Rate this poem:(4.50 / 2 votes)

CONVERSATIONS ABOUT HOME (AT THE DEPORTATION CENTRE)



Well, I think home spat me out, the blackouts and curfews like tongue against loose tooth. God, do you know how difficult it is, to talk about the day your own city dragged you by the hair, past the old prison, past the school gates, past the burning torsos erected on poles like flags? When I meet others like me I recognise the longing, the missing, the memory of ash on their faces. No one leaves home unless home is the mouth of a shark. I’ve been carrying the old anthem in my mouth for so long that there’s no space for another song, another tongue or another language. I know a shame that shrouds, totally engulfs. I tore up and ate my own passport in an airport hotel. I’m bloated with language I can’t afford to forget.

*


They ask me how did you get here? Can’t you see it on my body? The Libyan desert red with immigrant bodies, the Gulf of Aden bloated, the city of Rome with no jacket. I hope the journey meant more than miles because all of my children are in the water. I thought the sea was safer than the land. I want to make love but my hair smells of war and running and running. I want to lay down, but these countries are like uncles who touch you when you’re young and asleep. Look at all these borders, foaming at the mouth with bodies broken and desperate. I’m the colour of hot sun on my face, my mother’s remains were never buried. I spent days and nights in the stomach of the truck, I did not come out the same. Sometimes it feels like someone else is wearing my body.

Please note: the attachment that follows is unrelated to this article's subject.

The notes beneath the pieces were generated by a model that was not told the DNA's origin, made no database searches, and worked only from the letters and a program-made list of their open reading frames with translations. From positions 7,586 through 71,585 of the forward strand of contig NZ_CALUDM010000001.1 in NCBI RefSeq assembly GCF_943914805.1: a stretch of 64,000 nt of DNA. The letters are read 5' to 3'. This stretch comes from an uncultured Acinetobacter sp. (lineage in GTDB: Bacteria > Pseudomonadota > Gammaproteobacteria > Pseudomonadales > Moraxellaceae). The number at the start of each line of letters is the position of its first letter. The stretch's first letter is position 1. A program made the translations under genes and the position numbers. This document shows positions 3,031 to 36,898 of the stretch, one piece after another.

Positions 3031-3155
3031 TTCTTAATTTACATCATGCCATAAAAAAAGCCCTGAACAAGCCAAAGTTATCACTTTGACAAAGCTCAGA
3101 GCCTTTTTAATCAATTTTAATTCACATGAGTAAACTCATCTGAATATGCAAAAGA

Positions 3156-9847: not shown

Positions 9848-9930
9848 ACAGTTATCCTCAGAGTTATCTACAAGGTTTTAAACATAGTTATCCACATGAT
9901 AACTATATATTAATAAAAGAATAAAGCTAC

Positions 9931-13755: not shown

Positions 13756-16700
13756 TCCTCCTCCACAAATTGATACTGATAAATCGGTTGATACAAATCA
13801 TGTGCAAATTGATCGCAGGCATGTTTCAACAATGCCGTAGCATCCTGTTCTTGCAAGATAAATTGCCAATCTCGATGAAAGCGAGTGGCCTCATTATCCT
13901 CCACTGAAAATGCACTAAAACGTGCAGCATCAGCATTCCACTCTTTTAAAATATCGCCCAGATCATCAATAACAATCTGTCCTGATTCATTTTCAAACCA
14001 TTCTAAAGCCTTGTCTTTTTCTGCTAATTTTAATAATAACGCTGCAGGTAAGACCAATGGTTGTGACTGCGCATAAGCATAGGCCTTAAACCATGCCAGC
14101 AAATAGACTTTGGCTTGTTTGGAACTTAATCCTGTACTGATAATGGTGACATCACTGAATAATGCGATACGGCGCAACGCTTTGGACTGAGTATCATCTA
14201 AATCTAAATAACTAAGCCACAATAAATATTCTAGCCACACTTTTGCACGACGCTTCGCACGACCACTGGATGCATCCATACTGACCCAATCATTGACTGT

*


I know a few things to be true. I do not know where I am going, where I have come from is disappearing, I am unwelcome and my beauty is not beauty here. My body is burning with the shame of not belonging, my body is longing. I am the sin of memory and the absence of memory. I watch the news and my mouth becomes a sink full of blood. The lines, the forms, the people at the desks, the calling cards, the immigration officer, the looks on the street, the cold settling deep into my bones, the English classes at night, the distance I am from home. But Alhamdulilah all of this is better than the scent of a woman completely on fire, or a truckload of men who look like my father, pulling out my teeth and nails, or fourteen men between my legs, or a gun, or a promise, or a lie, or his name, or his manhood in my mouth.

*


I hear them say, go home, I hear them say, fucking immigrants, fucking refugees. Are they really this arrogant? Do they not know that stability is like a lover with a sweet mouth upon your body one second and the next you are a tremor lying on the floor covered in rubble and old currency waiting for its return. All I can say is, I was once like you, the apathy, the pity, the ungrateful placement and now my home is the mouth of a shark, now my home is the barrel of a gun. I’ll see you on the other side.

About this poem

This poem is part of Shire's collection ' teaching my mother how to give birth' (2013)

Font size:
 

Written on 2013

Submitted by abielias1 on March 10, 2022

2:51 min read
61 Views